0
$\begingroup$

In Young's Double Slit experiment, why is it that two waves vibrating perpendicular to each other doesn't show interference?

I know that for interference to happen, the waves must be coherent ( i.e., they maintain a constant phase w.r.t each other) and if the waves meet at same point in the screen it results in constructive interference and destructive if there is a phase change of lambda/2 and so on.

Any help regarding the query would be nice.

$\endgroup$
  • $\begingroup$ Are you talking about polarization? If so, that's simply an observed phenomenon. $\endgroup$ – Carl Witthoft Mar 3 '14 at 13:15
  • $\begingroup$ I'm talking about interference from two slits. $\endgroup$ – Albert Einstein Mar 3 '14 at 13:40
2
$\begingroup$

There's no way that you can add a vector pointing along the $x$ axis, and have it cancel a vector pointing in the $y$ direction. So the amplitude of the light is zero nowhere, and there are no intensity fringes. Instead, the polarization of the wave changes at the screen. As you study the light along the direction that you expect to see fringes, you would see the light changing polarization rather than amplitude: from linear (inclined 45${}^\circ$) where you expect maxima, to circular where you would expect minima. I suppose you could observe intensity fringes if you put a polarizer in from of the screen. I've never seen that done. So there is interference of a sort, it's just of a different kind.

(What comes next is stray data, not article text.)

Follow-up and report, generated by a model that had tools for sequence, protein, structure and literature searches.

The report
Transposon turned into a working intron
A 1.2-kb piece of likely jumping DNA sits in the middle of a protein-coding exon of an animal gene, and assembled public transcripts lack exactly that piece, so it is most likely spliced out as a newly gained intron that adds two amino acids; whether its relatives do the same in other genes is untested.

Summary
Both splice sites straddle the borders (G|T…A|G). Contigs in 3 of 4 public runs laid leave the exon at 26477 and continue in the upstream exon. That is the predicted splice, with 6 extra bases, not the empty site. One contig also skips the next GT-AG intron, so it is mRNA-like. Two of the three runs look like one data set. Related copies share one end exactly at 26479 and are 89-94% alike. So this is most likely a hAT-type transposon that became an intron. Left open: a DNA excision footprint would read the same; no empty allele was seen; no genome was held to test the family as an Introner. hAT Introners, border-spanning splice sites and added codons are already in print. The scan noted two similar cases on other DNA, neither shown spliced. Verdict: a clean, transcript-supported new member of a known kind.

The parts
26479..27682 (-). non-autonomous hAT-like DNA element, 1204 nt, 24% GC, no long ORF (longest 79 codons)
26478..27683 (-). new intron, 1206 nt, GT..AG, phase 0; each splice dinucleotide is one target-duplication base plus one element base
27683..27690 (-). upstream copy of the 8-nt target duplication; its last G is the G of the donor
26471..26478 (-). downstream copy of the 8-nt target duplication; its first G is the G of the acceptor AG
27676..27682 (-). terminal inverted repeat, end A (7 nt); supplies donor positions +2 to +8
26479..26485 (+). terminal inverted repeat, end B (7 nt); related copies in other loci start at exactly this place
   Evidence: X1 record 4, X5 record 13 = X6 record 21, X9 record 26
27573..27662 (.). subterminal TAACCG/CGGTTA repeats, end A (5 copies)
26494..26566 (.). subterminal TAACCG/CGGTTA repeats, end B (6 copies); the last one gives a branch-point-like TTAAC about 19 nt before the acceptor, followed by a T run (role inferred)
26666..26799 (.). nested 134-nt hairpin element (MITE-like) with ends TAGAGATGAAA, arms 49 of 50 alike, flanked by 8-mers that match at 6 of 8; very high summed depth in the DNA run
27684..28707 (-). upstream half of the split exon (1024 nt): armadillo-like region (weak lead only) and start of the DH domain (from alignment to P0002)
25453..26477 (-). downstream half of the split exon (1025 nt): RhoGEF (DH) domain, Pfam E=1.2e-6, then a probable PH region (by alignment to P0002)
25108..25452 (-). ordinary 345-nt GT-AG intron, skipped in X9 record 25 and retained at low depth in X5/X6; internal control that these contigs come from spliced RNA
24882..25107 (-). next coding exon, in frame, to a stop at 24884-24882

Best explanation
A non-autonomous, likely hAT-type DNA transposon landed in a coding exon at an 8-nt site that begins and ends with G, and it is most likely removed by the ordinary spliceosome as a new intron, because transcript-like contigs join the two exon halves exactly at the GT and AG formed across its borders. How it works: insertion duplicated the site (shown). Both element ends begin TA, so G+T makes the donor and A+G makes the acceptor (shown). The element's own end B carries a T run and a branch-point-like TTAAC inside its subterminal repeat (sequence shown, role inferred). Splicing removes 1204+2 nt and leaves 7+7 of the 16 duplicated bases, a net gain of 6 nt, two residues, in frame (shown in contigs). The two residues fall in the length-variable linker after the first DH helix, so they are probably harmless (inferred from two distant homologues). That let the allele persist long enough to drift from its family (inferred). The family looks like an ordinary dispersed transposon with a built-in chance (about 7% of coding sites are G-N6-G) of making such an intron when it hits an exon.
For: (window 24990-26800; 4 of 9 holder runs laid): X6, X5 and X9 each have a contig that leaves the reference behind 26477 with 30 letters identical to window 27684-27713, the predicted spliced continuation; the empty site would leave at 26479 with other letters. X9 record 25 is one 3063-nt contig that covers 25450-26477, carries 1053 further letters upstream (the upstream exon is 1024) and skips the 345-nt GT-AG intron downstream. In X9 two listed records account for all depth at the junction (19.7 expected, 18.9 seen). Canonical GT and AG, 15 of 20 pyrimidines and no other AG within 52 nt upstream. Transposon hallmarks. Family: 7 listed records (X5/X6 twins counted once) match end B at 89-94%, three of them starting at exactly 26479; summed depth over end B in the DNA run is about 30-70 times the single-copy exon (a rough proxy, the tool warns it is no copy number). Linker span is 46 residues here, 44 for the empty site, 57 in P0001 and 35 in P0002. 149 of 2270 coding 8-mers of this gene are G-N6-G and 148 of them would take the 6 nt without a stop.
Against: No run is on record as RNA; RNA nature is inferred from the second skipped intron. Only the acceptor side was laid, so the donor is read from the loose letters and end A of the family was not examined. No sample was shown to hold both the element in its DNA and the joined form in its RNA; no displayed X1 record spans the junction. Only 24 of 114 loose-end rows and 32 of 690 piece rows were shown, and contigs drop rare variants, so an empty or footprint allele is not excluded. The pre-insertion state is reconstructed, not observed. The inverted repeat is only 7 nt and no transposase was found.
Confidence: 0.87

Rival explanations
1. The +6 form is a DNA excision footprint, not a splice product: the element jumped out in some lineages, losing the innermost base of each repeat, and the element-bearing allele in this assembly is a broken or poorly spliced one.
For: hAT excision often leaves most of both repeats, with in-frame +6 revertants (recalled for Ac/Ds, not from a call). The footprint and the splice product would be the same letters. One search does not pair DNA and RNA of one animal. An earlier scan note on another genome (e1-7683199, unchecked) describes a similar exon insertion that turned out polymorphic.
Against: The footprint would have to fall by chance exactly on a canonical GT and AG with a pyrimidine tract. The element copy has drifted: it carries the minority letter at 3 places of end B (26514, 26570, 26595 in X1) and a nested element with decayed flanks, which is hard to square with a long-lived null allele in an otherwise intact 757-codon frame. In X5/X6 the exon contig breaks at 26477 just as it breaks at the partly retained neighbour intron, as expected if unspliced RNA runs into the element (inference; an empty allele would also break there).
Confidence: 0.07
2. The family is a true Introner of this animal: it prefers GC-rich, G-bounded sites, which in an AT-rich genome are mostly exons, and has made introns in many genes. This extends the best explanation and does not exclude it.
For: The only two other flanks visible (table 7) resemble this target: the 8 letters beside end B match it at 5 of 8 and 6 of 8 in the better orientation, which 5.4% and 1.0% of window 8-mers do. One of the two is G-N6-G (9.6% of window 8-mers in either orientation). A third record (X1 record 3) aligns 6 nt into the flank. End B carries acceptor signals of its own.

$\endgroup$

Your Answer

By clicking “Post Your Answer”, you agree to our terms of service, privacy policy and cookie policy

Not the answer you're looking for? Browse other questions tagged or ask your own question.